The Afghan government needs to see Pakistan make "tangible progress" on pledges to use its influence to help end the Taliban insurgency, a foreign ministry spokesman said Sunday.
The statement came a day after Afghan President Hamid Karzai said he was giving up on trying to talk to the Taliban directly and that the key to ending the war is mediation by Pakistan.
It underscores the Afghan officials' deep frustration over their inability to deal with a major barrier to ending the war in Afghanistan - insurgent havens across the border in Pakistan.
Already tense Afghan-Pakistani relations have been further degraded in recent weeks as U.S. and Afghan officials have publicly blamed the Pakistani government for supporting the insurgency in Afghanistan following a string of high-profile attacks.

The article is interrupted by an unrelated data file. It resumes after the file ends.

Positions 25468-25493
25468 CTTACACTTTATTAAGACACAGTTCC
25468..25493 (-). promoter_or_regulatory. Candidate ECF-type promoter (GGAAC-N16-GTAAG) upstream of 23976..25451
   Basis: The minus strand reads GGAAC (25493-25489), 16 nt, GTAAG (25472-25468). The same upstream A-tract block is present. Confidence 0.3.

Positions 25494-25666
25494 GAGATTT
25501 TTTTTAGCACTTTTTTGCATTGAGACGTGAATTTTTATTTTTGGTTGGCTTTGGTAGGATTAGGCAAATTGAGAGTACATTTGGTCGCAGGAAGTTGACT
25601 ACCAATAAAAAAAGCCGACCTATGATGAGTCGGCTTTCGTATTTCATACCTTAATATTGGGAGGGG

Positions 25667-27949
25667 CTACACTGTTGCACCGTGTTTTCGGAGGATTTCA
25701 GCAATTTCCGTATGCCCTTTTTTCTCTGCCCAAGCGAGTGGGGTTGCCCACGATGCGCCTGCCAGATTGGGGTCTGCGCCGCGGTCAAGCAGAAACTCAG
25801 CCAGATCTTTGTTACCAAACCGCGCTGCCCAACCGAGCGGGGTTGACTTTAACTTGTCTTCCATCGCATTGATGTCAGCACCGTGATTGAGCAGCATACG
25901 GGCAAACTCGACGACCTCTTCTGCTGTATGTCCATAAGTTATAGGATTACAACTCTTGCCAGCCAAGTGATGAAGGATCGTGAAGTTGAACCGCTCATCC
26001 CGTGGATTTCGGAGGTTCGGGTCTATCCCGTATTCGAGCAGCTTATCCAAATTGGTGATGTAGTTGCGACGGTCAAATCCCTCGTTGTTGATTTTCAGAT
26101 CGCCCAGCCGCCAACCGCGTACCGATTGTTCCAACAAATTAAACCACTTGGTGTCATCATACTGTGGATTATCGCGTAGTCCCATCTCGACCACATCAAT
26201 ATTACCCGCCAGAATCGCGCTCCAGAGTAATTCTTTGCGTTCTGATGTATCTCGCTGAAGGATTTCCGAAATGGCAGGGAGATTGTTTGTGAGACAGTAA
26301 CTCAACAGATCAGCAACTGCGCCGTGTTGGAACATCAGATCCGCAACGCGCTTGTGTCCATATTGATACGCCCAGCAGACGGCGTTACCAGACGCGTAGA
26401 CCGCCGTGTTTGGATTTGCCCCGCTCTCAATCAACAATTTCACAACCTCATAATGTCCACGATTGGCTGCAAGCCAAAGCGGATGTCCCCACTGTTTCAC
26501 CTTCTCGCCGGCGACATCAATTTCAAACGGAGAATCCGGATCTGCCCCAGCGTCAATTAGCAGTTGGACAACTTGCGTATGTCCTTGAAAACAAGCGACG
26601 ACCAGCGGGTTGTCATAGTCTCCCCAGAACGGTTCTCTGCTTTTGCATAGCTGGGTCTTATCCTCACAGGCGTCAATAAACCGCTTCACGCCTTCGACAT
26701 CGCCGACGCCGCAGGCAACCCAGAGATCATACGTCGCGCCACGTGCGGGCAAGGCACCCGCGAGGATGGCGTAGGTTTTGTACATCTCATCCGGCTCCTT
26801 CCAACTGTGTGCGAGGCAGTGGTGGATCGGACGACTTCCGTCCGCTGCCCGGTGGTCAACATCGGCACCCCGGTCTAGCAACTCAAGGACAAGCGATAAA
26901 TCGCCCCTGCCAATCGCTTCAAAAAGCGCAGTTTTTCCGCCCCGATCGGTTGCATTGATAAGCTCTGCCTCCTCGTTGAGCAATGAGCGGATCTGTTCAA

"Afghanistan has invested a great amount of goodwill and political capital to create an atmosphere of trust and confidence and to try to improve relations with Pakistan over the past three years," the spokesman, Janan Mosazai, told reporters in Kabul.
"Unfortunately, we have not been witness to the type of concrete progress that we were expecting - that was promised to us by our brothers and sisters in Pakistan," he added.
For his part, Karzai has suspended a series of trilateral meetings between Afghanistan, Pakistan and the United States because of the fallout.